Dear Nurse Beth,
I have worked in a specialized adult ICU for a little over a year. I do not enjoy my job and desire for a career change. I feel that the PICU would be a good fit. While I do not love the content of my work, I do love my patients and taking care of the critically ill. I have always wanted to work in pediatrics. However, after graduating nursing school, I took the first job I was offered (which was this one; I just graduated in December 2015). I feel that it would be unprofessional to leave after just a year at my current job. On top of that, the staff I work with have been wonderful and my boss and management is so great where I currently work, so I feel that I owe my current unit more time, as a courtesy for investing in me as a brand new nurse. At what point is it professional and appropriate to leave a job that has treated you well, but just is not what you dreamed of?
Dear Should I Stay or Should I Go?,
The classical answer to your question in the working world is: One year.
But in the nursing world, it's more like two years.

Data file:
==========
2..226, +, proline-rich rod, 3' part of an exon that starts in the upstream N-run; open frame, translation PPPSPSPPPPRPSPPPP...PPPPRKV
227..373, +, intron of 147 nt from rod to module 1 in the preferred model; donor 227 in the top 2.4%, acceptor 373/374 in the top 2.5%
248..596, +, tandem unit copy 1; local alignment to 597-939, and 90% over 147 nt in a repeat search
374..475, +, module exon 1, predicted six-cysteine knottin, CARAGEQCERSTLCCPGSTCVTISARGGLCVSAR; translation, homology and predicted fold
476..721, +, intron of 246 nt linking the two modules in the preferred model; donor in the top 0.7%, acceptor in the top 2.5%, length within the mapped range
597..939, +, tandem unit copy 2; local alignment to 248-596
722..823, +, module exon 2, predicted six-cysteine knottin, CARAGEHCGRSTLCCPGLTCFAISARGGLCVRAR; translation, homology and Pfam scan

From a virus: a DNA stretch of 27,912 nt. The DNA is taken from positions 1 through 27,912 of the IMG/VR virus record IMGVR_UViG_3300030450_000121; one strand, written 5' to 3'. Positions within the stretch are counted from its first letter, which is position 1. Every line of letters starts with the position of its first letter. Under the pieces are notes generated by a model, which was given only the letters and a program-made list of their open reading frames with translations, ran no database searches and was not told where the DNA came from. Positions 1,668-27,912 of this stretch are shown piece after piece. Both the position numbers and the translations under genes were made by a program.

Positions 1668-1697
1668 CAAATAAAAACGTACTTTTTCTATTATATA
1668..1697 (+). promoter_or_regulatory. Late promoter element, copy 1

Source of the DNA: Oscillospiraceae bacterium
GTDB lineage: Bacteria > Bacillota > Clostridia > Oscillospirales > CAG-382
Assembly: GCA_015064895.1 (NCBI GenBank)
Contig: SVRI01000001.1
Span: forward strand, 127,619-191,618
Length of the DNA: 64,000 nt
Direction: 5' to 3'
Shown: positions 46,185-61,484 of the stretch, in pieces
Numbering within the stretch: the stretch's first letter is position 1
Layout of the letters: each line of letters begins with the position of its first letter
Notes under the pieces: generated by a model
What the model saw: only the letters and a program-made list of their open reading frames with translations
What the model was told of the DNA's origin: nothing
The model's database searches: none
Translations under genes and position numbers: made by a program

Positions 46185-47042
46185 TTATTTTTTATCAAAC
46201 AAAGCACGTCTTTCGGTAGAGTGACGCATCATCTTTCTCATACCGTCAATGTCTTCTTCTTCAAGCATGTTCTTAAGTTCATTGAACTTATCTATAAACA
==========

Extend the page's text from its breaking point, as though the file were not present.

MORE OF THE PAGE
Onboarding a new nurse is an investment and even more so in the specialty areas. If you convert the "one year" adage to "one year of being independent"...then it's closer to two years than one year.
This is why some hospitals require new grads to sign a contract saying they’ll commit to two and even three years of employment. (I’m not a fan of these contracts but I do understand the underlying problem, and that’s a different post!)
Exceptions for leaving at one year:
- For another job in the same facility (seen as transferring and not job hopping)
- Because of bad or unsafe working conditions
- Due to unavoidable family or personal situations
Leaving after one year will not necessarily look bad on your resume, but that is not what you asked. You asked if it’s appropriate and professional. It comes down to a values question, which only you can decide.
If you leave at one year, your colleagues will be dismayed, frustrated, and maybe even feel that you are ungrateful.
If you leave at two years, your colleagues will be sad, but understand.
My feelings are that you do owe your manager, your preceptors and your coworkers a certain amount of loyalty. Your manager took a chance on you over other new hires. Your preceptors put their hearts and souls into your professional development (the good ones did). Your co workers accepted you and supported you.
Think about making this same decision in a few months at the two year mark. Do you feel the same inner conflict as you are experiencing now?
Best wishes in your decision,